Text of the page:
How managers can move their organization from reactive emergencies to planned activities
Angela Testa, senior vice president of operations at American Campus Communities, strengthens operations without compromising a healthy work environment
Lighting systems in institutional and commercial facilities receive a great deal of attention in both new construction and retrofits, given their ties to hot-button issues such as energy efficiency, sustainability and worker productivity. But maintenance and engineering managers also must pay attention to facilities’ emergency-lighting systems. In an emergency with a loss of power to the building, these systems enable occupants to easily find the nearest path to safety.
Today, a variety of emergency-lighting products — including exit signs, rechargeable batteries, battery chargers, relay devices, unit equipment, LEDs, and fluorescent lamps — incorporate sophisticated technology that can complicate the task of specifying emergency lighting products. For manufacturers of these products, the challenge is to help customers to recognize upgrade opportunities and to specify products that meet the facility’s needs.
“My impression is that there are a lot of renovations and relighting opportunities in spaces that have not been occupied in several years,” says Scott Galentine with Acuity Brands Lighting. “They’re updating the general luminaires, but as long as it has emergency lighting in it, they’re not updating that. That’s a big mistake. Just because it’s there does not mean it’s adequate.”
Managers considering upgrades or retrofits of their facilities’ emergency lighting systems must start the process by understanding the code requirements and product standards for these products. NFPA 101, the Life Safety Code, mandates building design, construction, operation, and maintenance requirements designed to protect building occupants from the dangers caused by fire, smoke, and related hazards.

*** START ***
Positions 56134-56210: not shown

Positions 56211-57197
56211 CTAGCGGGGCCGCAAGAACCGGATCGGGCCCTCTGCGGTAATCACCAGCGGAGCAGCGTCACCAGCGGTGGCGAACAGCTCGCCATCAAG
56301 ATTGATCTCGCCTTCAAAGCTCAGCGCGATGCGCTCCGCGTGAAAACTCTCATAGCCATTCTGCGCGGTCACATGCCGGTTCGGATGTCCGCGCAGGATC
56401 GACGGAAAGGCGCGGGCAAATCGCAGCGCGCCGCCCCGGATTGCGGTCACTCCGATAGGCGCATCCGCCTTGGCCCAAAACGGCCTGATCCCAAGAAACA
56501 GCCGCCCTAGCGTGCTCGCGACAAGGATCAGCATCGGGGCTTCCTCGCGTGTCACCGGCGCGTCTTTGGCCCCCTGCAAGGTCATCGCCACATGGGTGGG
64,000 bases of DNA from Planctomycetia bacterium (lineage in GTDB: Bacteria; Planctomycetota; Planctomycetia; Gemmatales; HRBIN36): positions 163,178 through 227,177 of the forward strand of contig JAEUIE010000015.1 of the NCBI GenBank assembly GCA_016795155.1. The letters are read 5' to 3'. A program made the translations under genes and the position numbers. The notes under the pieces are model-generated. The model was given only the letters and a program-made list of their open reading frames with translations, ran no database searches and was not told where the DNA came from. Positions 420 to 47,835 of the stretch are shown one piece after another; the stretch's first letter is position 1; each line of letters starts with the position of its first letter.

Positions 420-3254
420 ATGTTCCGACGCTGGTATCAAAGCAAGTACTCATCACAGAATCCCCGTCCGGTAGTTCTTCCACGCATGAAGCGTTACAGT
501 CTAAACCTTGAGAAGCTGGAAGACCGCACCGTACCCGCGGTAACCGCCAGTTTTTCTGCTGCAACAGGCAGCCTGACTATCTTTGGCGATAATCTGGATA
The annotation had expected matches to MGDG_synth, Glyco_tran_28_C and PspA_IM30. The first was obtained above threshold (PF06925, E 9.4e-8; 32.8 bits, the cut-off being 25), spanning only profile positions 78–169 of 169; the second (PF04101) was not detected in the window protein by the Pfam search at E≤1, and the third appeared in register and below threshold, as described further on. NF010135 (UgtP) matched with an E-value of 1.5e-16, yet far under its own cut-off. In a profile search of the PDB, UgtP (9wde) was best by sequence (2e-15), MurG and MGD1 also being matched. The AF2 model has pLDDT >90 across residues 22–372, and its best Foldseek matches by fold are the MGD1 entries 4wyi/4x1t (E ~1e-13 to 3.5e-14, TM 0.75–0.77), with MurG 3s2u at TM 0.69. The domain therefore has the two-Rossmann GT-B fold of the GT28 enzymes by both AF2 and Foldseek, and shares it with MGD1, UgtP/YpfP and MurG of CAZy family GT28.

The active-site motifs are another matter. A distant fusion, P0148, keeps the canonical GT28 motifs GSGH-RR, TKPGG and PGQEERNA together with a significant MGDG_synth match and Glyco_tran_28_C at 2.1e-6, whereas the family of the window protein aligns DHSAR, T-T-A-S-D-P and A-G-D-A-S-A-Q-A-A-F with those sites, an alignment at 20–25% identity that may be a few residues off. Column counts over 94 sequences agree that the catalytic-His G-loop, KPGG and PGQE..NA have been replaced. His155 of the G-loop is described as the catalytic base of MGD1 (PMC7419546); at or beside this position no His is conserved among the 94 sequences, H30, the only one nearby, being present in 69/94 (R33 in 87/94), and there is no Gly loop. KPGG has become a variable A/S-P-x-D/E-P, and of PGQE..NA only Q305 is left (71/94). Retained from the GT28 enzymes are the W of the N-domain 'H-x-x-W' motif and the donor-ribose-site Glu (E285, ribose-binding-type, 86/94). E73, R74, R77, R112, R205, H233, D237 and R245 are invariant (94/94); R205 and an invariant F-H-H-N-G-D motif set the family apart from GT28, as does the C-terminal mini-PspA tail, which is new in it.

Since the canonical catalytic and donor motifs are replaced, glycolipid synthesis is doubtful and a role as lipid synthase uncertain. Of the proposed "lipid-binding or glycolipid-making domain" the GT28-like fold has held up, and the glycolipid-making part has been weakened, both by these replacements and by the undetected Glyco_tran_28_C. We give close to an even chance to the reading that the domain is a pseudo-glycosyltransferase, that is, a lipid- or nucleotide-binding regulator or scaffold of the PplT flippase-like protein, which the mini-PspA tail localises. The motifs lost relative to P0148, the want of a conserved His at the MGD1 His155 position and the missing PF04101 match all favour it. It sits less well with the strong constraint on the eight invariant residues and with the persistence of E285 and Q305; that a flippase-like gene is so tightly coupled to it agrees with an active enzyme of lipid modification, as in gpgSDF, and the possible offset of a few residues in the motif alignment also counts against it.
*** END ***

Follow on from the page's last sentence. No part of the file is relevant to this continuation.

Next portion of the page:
“Individual jurisdictions, wherever you are located in the country, may have variations on this code, may look to a stronger requirement, but NFPA 101 is typically the baseline, and that has not changed recently,” says Porter Wafler with Philips Emergency Lighting. “One thing that we like to emphasize is that in NFPA 101, it will tell you that these are the minimum requirements. Local authorities may tweak it or may have some of their own requirements, so it varies from location to location.
“My advice would be to check with the local authority. Sometimes, a specific hospital system may have its own guidelines that are more stringent than the local code you might find for an office building or a retail establishment. We’ll see that occasionally with facilities that have multiple locations.”
Managers also should be familiar with the status of emergency lighting products relevant to Underwriters Laboratories (UL), an independent organization that certifies, validates, tests, and inspects products, including those for emergency lighting. Some updates to UL standards in recent years have dealt with alternate forms of exit signs.
“UL 94 has accepted photoluminescent exit signs as an alternative to electrically illuminated exit signs,” says Rod Rapenau with Thomas & Betts. “It’s not quite as popular, but it’s an alternative that’s being offered. Photoluminescent exit signs need external or ambient lighting to charge the phosphorous that’s inside them. Obviously, they light in case of an emergency, usually at a much lower level than electrical exit signs. But these levels are still considered to be visible for the naked eye after a certain period of accommodation in the darkness.”
Safety, Savings Achieved With Emergency Lighting System Upgrades